Rail Project – New Bridge Installation
TPA provides temporary roadway for historic launch of £10m new bridge at Slough Trading Estate.
TPA provides roadway for historic launch of £10m new bridge. During a night time operation, the bridge weighing almost 1000 tonnes of steel was successfully launched across the Great Western Railway as part of the transformation of the Slough Trading Estate.
Night time operation to launch the key infrastructure project, part of a £10 million investment in the Leigh Road Bridge.
The bridge is made up of almost 1,000 tonnes of steel
When open in September it will provide a new two-lane single carriageway road over the railway line.
TPA’s heavy duty aluminium roadway installation spanned some 445 panels on a one week hire, with a part recovery which left 88 panels on site for a further 8 weeks.
During a nighttime operation, the bridge weighing almost 1000 tonnes of steel was successfully launched across the Great Western Railway as part of the transformation of the Slough Trading Estate.
4x TPA crew’s completed the temporary roadway installation under the guidance of a Project Co-ordinator.
During a stealthy operation which began at 2am on February 8, the 52-metre long bridge was installed by a team of industry experts using a heavy plant transporter.
The railway was temporarily closed during the operation as a race against time begun to get the structure securely in place over the track.
By 2am the tricky operation had been completed with rail services able to resume on the track.
A highly skilled and experienced team from SEGRO and engineering firm, Osborne, spent 18 months meticulously designing the 95.9m bridge and its subsequent installation. The structure is made up of three sections – the 27 metres nose to guide the bridge over the gap; the actual bridge which is 52 metres long and the 16 metre tail, which acts as a cantilever. The nose and the tail are removed once the bridge is fully settled on the concrete abutments on the embankments.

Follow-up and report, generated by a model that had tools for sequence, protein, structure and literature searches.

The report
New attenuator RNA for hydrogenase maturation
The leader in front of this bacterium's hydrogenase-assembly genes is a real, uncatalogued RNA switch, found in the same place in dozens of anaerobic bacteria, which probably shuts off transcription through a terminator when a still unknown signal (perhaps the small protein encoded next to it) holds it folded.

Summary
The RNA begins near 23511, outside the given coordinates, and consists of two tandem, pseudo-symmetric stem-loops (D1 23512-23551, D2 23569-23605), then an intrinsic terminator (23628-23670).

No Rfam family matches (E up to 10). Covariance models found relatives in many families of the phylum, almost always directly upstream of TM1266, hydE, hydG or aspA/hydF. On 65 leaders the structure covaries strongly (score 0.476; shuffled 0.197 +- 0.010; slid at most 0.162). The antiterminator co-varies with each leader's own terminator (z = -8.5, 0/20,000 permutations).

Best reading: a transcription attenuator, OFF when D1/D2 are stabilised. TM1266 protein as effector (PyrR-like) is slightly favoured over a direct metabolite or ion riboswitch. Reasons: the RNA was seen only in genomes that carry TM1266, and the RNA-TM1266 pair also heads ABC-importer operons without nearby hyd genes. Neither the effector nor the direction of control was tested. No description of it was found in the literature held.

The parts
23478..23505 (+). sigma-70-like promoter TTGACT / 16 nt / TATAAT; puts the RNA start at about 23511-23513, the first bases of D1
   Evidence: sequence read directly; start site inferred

Leading edge engineering techniques and machinery were used throughout the project from planning to implementation. The team worked closely with Network Rail and consulted independent professionals who reviewed the plans to ensure all eventualities were considered and accounted for.
TPA were involved in the project for 10 months prior to install, liaising regularly with project managers and attending pre start and site meetings.
The 52m bridge install was one of the largest ever in Europe to be installed in one section due to its design and being built from scratch on site.
TPA’s Will Armitage managed the project internally from seed stage via the hire desk and then due to a change in his role from Hire Desk Controller transitioning through to Business Development Engineer. Will continued to manage this project on a face to face basis throughout March and April, visiting site and working closely with client Osborne’s project managers in the pre-planning and delivery.
The size and scale of the bridge, along with the confines of a built-up area, required a specialist type of heavy plant transporter, known as a self-propelled modular transporter (SPMT), to move the bridge, rather than a traditional crane.
The SPMT is a platform vehicle with modules of four, five or six axle lines. The modules can be connected to multi-wheel transporters to move a load that is too big or too heavy for a truck or low-loader. It can rotate around its centre to make a 360° turn and can move sideways – ideal for moving the bridge into position and avoiding surrounding buildings en-route.